Supremacy of Parliament in law-making undisputable: Law Minister

RSTV Bureau
File photo of Union Law minister Ravi Shankar Prasad with Union Finance Minister Arun Jaitley. Photo - PTI

File photo of Union Law minister Ravi Shankar Prasad with Union Finance Minister Arun Jaitley.
Photo – PTI

Stressing on the supremacy of Parliament in the realm of law-making, the government said that separation of powers is as binding on the judiciary as it is on other pillars of democracy. Union Law minister Ravishankar Prasad said in Lok Sabha even as members claimed the Supreme Court was getting into the domain of law-making through some of its verdicts, especially the decision nullifying NJAC Act.

Speaking on the issues pertaining to the judiciary, Prasad also acknowledged that suggestion of live telecast of court proceedings is worth considering, though he underlined “logistical problems” involved.

Raising the issue of pending cases and vacancies in courts, BJP MP Sanjay Jaiswal remarked that the Supreme Court was getting into law-making through its verdicts on issues ranging from cricket management to medical entrance tests.

While the Law minister refused to offer any comment on the apex court orders on BCCI matter or, NEET entrance examination, he pointed out that in the Kesavananda Bharati vs State of Kerala judgement, the top court had clearly laid out separation of powers between the three organs of democracy.

The legislature will formulate law, the executive will execute it and the judiciary will interpret the law, he said, adding “If it is binding on all, sorry to say, it is equally binding on the judiciary,”

File photo of Supreme Court of India.

File photo of Supreme Court of India.

To a question on live telecast of court proceedings, Prasad said online transmission will create a “psychological pressure” but there were also “logistical problems” involved.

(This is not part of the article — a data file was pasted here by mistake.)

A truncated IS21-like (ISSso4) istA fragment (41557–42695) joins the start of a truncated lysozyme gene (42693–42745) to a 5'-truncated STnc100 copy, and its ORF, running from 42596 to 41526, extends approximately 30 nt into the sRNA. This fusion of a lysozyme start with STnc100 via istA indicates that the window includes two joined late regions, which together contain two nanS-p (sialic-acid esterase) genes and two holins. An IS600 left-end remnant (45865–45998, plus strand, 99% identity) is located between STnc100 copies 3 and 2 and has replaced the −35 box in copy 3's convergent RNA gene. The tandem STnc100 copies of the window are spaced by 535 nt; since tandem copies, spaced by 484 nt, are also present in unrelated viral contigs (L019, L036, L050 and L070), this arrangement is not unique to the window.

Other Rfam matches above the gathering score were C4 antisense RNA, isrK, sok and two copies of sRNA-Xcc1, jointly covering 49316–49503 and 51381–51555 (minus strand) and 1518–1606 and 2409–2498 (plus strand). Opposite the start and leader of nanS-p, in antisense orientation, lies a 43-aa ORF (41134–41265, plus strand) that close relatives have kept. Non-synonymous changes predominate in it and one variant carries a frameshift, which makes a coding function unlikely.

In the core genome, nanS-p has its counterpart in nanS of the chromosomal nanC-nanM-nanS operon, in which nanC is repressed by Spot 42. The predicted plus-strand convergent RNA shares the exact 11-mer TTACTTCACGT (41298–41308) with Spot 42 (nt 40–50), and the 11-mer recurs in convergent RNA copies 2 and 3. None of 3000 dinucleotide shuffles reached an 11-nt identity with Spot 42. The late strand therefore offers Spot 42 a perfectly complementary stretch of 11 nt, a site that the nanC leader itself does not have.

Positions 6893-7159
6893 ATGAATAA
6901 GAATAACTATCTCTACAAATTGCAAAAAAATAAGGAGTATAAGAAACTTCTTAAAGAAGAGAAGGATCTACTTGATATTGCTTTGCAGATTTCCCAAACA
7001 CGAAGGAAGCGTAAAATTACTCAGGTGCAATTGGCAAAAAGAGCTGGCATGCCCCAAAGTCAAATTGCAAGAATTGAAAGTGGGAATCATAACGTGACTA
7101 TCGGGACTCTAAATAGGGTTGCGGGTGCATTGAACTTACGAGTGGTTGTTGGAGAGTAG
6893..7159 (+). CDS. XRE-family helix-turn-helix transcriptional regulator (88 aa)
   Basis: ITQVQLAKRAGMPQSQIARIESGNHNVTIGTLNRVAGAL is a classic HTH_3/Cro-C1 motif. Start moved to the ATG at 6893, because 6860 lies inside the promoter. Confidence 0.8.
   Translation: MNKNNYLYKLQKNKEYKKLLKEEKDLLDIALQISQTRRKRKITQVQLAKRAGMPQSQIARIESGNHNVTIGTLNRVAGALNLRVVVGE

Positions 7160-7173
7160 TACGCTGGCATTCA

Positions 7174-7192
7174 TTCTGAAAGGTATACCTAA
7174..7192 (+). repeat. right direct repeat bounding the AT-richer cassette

Agreeing that the suggestion was worth considering, Prasad said, while live telecast of Lok Sabha and Rajya Sabha proceedings was easy as there were only two Houses, it was difficult to do so in several thousand court rooms.

Responding to a question on pendency (of cases) committees in high courts, the Minister said the government does not interfere in their functioning. But he would inform the judiciary of the concerns expressed by members of the Lower House on rising number of cases across Indian courts.

Citing figures, he said, while over 62,000 cases are pending in the apex court, 4.12 lakh are pending in the 24 high courts as on September 30, 2016. Similarly, 2.85 crore cases are pending in lower courts.

Referring to the National Judicial Appointments Commission Act, he said Parliament had passed the law (to scrap the collegium system of judges appointing judges). But the apex court overturned it and the government accepted the verdict though with certain reservations.

Going by the judgement, while the PM can be trusted with the nuclear button, plays a key role in appointment of the President, the Vice President, the Chief Election Commissioner and the CVC, (he) cannot be trusted with appointing excellent people as judges, the Minister said.

Referring to the Supreme Court order on ushering in more transparency in judicial appointments and the subsequent efforts to rewrite the document — the memorandum of procedure — which guide these appointment, he said for one year, the government could not do much as it was pending with the collegium.

Now, since the MoP has been returned (by the Supreme Court), the government will take a call on the issue, Prasad said.

(With inputs from the PTI)